2.5%

Medical Technician

2.5%

Fire Science And Protection

2.1%

Industrial Technology

1.9%

Graphic Design

1.9%

Computer Information Systems

1.9%

Heating And Air Conditioning

1.9%

Drafting And Design

1.7%
Show More
Degrees

Other

57.5%

Associate

15.9%

Certificate

11.4%

Bachelors

8.4%

Diploma

3.6%

Masters

1.9%

License

1.2%

Doctorate

0.1%
Show More

Job type you want
Full Time
Part Time
Internship
Temporary

How Would You Rate The Salary Of a Tow Truck Driver?

Have you worked as a Tow Truck Driver? Help other job seekers by rating your experience as a Tow Truck Driver.

Top Skills for A Tow Truck Driver

  1. Customer Vehicles
  2. Tow Truck
  3. Junk Cars
You can check out examples of real life uses of top skills on resumes here:
  • Ensured proper retrieval of customer vehicles and drop-off at appointed destinations.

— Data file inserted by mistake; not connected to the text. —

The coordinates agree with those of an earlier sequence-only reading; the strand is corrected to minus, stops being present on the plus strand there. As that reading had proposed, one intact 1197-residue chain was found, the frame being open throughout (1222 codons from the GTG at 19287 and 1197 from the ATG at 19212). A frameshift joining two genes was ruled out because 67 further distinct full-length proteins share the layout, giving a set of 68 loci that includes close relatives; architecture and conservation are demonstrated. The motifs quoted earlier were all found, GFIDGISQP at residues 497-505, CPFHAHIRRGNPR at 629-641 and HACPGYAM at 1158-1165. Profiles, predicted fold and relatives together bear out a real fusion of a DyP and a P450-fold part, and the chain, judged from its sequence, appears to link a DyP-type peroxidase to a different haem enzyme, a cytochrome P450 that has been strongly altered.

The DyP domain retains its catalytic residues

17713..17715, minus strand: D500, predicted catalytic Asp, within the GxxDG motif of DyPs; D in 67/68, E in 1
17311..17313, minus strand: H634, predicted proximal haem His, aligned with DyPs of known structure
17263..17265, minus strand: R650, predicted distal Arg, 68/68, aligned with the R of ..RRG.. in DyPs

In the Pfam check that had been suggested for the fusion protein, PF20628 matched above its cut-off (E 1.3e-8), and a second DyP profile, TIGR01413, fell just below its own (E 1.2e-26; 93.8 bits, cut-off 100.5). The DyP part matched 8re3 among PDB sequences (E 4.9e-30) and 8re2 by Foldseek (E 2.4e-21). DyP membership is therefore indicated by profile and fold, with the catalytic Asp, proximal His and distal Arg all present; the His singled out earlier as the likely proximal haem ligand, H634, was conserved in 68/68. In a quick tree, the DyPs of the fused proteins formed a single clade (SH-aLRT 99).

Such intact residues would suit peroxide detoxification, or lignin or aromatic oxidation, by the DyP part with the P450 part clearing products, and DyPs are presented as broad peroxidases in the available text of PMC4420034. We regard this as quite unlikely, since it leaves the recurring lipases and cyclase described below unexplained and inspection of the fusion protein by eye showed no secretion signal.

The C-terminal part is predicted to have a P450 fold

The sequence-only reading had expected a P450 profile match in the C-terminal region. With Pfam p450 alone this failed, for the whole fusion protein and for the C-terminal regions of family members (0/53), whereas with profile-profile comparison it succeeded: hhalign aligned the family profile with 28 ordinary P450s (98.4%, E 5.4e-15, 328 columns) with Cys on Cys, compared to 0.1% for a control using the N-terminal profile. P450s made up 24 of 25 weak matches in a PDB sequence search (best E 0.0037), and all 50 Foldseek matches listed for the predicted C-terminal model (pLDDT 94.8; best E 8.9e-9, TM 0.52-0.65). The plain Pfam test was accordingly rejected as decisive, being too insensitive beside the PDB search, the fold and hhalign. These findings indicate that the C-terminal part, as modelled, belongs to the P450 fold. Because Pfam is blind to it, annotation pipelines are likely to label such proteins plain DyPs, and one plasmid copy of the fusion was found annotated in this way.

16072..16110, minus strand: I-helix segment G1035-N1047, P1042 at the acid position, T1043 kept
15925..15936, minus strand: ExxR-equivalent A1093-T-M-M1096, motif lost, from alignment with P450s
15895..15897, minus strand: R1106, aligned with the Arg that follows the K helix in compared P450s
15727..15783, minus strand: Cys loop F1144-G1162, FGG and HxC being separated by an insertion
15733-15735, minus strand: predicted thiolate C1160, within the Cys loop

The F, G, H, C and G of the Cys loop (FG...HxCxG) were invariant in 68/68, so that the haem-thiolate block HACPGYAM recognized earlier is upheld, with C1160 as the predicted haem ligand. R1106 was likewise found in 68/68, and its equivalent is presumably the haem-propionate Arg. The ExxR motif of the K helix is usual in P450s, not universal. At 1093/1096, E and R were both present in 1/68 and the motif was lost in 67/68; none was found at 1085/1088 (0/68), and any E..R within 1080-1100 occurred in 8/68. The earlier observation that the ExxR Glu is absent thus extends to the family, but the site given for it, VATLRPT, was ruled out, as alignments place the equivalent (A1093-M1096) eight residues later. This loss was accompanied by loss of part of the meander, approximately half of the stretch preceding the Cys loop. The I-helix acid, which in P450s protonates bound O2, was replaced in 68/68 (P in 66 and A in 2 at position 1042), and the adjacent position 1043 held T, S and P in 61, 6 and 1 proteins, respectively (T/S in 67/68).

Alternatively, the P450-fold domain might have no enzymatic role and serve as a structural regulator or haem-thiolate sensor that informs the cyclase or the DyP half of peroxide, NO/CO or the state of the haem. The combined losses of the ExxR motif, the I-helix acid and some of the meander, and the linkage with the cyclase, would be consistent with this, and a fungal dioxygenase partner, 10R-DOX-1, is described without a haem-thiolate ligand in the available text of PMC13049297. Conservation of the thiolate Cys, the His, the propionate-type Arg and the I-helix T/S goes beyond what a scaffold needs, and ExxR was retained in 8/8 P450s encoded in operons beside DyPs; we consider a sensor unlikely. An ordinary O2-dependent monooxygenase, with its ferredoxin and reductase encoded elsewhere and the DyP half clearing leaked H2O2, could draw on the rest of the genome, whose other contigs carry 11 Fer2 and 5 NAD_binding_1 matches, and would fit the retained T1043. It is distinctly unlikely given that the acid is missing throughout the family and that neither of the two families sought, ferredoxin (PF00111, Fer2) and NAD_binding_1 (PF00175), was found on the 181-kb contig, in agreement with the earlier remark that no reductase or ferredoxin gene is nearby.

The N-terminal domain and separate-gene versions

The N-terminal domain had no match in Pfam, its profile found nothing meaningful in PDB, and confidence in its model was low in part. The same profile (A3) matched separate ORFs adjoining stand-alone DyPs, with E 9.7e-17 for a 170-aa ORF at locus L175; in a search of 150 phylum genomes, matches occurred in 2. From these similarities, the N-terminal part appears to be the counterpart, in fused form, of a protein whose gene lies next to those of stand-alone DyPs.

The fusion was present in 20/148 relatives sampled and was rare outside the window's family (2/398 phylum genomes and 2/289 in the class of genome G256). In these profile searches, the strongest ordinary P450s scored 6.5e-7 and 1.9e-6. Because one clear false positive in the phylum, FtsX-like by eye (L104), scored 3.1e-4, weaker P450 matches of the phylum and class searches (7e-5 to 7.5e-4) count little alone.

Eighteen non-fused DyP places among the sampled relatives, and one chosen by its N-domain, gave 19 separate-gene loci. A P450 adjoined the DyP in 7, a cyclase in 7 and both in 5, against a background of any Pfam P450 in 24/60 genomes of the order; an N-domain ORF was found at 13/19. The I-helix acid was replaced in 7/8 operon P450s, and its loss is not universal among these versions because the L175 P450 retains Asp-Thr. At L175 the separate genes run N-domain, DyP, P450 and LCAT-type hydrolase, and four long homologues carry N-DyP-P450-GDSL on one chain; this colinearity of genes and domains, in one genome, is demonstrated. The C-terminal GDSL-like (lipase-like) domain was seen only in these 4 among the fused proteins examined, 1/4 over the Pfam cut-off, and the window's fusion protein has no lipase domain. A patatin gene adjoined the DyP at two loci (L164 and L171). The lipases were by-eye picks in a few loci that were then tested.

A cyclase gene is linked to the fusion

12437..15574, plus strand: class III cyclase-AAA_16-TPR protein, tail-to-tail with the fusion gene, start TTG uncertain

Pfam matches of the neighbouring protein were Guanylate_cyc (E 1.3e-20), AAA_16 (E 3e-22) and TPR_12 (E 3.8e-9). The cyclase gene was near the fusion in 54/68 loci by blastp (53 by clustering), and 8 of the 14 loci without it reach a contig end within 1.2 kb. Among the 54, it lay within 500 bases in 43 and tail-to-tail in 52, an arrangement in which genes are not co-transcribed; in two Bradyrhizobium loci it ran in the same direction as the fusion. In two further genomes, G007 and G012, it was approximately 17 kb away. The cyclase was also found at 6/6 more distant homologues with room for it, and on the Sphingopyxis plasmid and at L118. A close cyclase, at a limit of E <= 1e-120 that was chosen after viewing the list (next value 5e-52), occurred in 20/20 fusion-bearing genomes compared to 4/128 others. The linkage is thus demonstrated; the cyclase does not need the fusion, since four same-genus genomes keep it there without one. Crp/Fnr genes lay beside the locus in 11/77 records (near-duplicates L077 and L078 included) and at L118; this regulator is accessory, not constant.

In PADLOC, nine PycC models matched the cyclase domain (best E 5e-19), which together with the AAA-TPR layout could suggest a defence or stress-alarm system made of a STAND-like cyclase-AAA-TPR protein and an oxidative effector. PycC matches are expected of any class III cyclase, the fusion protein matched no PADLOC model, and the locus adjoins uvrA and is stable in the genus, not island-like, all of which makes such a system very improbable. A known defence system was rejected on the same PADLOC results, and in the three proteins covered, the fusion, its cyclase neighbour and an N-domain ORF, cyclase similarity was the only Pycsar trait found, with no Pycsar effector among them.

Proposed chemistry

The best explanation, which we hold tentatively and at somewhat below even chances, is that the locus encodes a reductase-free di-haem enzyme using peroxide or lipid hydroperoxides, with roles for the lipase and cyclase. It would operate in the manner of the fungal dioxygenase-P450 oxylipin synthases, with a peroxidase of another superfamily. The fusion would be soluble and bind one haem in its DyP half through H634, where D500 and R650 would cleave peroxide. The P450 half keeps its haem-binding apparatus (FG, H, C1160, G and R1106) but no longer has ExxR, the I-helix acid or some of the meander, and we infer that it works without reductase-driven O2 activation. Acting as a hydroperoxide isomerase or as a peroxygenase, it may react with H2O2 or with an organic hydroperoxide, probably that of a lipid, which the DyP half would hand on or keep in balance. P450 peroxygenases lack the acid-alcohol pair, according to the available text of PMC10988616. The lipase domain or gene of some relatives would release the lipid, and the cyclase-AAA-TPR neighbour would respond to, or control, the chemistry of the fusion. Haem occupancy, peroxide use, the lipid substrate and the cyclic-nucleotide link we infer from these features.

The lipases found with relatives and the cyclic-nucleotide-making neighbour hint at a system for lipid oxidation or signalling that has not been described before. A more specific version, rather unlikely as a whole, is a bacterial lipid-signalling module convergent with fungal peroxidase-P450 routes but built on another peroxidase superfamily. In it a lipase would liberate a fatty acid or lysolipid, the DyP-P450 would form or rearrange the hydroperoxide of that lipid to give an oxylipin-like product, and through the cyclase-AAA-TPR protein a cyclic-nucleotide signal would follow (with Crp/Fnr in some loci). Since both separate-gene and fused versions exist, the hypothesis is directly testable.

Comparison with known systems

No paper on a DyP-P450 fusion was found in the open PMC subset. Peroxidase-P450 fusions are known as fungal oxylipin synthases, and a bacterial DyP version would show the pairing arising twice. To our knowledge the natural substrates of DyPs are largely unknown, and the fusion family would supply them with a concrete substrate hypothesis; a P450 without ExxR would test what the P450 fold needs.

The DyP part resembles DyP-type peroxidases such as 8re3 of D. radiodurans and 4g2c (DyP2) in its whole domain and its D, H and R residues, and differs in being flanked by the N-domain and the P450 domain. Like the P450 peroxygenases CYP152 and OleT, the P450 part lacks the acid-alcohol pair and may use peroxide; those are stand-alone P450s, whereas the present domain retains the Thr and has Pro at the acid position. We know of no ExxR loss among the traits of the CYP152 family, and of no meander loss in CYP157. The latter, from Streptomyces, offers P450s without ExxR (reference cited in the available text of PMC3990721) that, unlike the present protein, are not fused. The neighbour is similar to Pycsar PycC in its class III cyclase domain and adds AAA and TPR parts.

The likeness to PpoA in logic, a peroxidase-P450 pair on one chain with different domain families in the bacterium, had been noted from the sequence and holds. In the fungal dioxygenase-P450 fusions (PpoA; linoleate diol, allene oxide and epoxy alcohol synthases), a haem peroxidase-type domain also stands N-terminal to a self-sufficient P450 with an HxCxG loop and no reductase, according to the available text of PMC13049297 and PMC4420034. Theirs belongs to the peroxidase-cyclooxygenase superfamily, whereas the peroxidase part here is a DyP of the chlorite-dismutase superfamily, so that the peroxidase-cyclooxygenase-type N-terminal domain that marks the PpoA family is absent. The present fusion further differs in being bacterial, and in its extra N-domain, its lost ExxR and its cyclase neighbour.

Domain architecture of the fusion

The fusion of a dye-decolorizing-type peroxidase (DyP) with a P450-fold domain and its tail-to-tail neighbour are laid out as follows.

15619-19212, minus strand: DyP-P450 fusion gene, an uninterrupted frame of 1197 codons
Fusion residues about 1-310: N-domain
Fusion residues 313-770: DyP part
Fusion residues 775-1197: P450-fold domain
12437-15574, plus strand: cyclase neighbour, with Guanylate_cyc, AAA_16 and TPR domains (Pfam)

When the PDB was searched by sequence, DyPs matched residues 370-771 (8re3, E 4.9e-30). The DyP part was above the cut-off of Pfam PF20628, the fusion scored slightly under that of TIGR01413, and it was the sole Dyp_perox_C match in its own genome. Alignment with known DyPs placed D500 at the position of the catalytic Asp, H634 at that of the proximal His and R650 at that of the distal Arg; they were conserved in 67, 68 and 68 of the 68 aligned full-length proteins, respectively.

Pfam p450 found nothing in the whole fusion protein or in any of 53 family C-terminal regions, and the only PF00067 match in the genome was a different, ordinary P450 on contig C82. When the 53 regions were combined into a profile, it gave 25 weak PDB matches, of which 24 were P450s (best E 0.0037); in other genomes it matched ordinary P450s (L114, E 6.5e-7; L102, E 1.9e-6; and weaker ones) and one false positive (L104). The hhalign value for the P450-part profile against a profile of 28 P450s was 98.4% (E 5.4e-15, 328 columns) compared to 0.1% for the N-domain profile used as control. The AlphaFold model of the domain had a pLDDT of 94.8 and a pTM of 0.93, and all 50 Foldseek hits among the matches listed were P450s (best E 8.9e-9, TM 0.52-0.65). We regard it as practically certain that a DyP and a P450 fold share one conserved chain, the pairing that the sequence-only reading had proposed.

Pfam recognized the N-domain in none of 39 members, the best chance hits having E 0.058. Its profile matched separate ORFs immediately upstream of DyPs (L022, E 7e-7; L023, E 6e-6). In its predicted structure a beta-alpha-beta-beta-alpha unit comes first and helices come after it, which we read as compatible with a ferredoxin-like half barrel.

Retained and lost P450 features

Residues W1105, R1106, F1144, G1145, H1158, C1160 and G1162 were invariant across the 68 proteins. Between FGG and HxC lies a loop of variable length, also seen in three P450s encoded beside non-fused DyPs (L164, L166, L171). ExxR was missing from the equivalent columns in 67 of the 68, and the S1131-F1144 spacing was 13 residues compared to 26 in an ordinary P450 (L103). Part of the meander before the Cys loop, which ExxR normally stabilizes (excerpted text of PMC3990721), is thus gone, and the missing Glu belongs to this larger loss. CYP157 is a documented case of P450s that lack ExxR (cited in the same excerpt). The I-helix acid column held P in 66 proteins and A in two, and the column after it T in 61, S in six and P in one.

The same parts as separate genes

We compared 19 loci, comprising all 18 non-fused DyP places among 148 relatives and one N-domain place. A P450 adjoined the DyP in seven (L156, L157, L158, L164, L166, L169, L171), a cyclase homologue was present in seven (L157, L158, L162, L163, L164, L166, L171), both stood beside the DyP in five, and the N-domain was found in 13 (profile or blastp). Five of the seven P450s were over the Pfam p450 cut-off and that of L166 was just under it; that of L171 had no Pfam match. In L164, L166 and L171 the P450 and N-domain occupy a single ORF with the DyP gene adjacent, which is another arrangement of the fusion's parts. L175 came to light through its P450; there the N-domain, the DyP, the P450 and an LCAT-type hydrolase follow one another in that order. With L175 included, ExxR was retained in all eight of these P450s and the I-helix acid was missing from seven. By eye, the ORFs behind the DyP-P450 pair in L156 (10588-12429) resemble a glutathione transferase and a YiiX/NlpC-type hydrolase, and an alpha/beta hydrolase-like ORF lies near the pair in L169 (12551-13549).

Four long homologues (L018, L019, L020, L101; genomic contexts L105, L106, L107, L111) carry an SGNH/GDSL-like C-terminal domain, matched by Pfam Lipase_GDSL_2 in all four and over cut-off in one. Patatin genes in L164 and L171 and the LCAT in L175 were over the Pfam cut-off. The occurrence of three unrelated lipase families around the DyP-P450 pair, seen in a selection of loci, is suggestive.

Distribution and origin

• Pick up and drop vehicles to and from the auction using a roll back style tow truck.
  • Transported, junk cars/trucks to and from junkyard for recycling and disposal via flatbed and tow truck
  • Provided ideal Customer Service by listening and assisting customers accordingly.
  • Performed jump starts, flat tire repairs and lockouts for AAA auto club and various other auto clubs.

What is it like to work as a Tow Truck Driver

5.0

Love it

April 24, 2019 on Zippia

What was your job title?

Tow Truck Driver.. Show More

What do you like the most about working as Tow Truck Driver?

Driving the truck.. Show More

What do you NOT like?

You have to have a CDL and I might not have money to pay for the classes.. Show More

How Would You Rate Working As a Tow Truck Driver?

Are you working as a Tow Truck Driver? Help us rate Tow Truck Driver as a Career.

Top Tow Truck Driver Employers

Show More

Jobs From Top Tow Truck Driver Employers

Tow Truck Driver Videos

The Paycheck! (How Much Do You Make In Truck Driving)

On Call Tow Truck Driver- What Does It Take to be an On Call Tow Truck Driver?

A day in the life of a Tow Truck Driver Part 1

Related to your recently viewed content